No end in sight: Long yields low for long


Interest rates kept low by financial uncertainty and central bank policies could fall even further amid new COVID-19 lockdown measures and uncertainty. 

Risk appetite and investor optimism on the financial markets are back with rallying stock markets and narrowing credit spreads following a setback in September. 
With such sentiment, one would normally expect long yields to start an upward trajectory, says Chief Analyst at Danske Bank, Arne Lohmann Rasmussen. Instead yields on long dated European bonds have been falling, despite a slight uptick in the US. 



”The modest increase in US long yields has had little effect on European yields. The 10-year Bund yield has moved below -0.60% in October - the lowest level since March, says Chief Analyst at Danske Bank, Arne Lohmann Rasmussen. 

Fear of a second wave of  COVID-19
Expansive bond buying operations by the European Central Bank has helped drive European yields lower but concerns of a major second wave of COVID-19 also weighs on sentiment with fears of lockdowns and restrictions as infection numbers move in the wrong direction. 

As the global economy presumably begins to escape from its COVID-19 shackles in 2021, we expect the market to bring forward the first rate hike a little. But we also see a possible scenario in which yields decline in coming quarters compared with current levels.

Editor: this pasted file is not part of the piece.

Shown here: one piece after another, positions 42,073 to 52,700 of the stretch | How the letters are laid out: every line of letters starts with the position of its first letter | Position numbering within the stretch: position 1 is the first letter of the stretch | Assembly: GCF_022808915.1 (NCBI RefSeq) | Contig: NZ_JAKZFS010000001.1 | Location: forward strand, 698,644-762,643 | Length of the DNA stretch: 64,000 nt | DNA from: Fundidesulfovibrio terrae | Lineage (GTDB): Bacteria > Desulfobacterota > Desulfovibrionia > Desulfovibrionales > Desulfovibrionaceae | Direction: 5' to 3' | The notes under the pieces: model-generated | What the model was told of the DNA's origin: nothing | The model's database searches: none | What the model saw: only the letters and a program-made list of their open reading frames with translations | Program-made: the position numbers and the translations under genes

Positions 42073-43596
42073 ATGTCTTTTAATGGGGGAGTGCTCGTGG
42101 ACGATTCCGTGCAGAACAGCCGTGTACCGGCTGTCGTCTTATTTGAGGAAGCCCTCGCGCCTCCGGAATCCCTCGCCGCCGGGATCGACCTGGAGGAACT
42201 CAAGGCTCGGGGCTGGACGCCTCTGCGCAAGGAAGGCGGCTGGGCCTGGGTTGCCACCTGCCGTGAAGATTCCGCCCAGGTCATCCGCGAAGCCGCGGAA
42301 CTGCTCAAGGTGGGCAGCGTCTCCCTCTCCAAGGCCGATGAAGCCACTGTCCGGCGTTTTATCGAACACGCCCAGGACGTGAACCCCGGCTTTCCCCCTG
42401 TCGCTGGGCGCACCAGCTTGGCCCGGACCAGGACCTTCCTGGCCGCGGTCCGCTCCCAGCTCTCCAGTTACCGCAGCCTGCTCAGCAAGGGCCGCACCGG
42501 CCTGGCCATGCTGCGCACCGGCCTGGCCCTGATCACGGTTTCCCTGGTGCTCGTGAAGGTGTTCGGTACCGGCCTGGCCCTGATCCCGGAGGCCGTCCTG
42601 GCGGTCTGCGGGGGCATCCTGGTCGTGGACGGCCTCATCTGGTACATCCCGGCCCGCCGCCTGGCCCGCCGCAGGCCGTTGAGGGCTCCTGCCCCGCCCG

Arne Lohmann Rasmussen

Chief Analyst, Danske Bank


This could keep yields low in the coming months or drive them even lower, says Arne Lohmann Rasmussen. 

“If infection numbers deteriorate further in coming months or economic data disappoint, we should likely expect additional downward pressure on long yields in both Europe and the US. Downside is probably greatest for US yields, but even German yields could fall further from current levels”, he says, adding that a coming ECB meeting on 29 October may reveal if the ECB decides to easy monetary policy even further”. 

Either way, the yield curve will be closely linked to the evolving COVID-19 situation.

“As the global economy presumably begins to escape from its COVID-19 shackles in 2021, we expect the market to bring forward the first rate hike a little. But we also see a possible scenario in which yields decline in coming quarters compared with current levels. The recovery could be slower in coming and inflation could remain very low, especially in the Eurozone. 

See full analysis Yield Outlook Uncertainty and central banks set to anchor long yields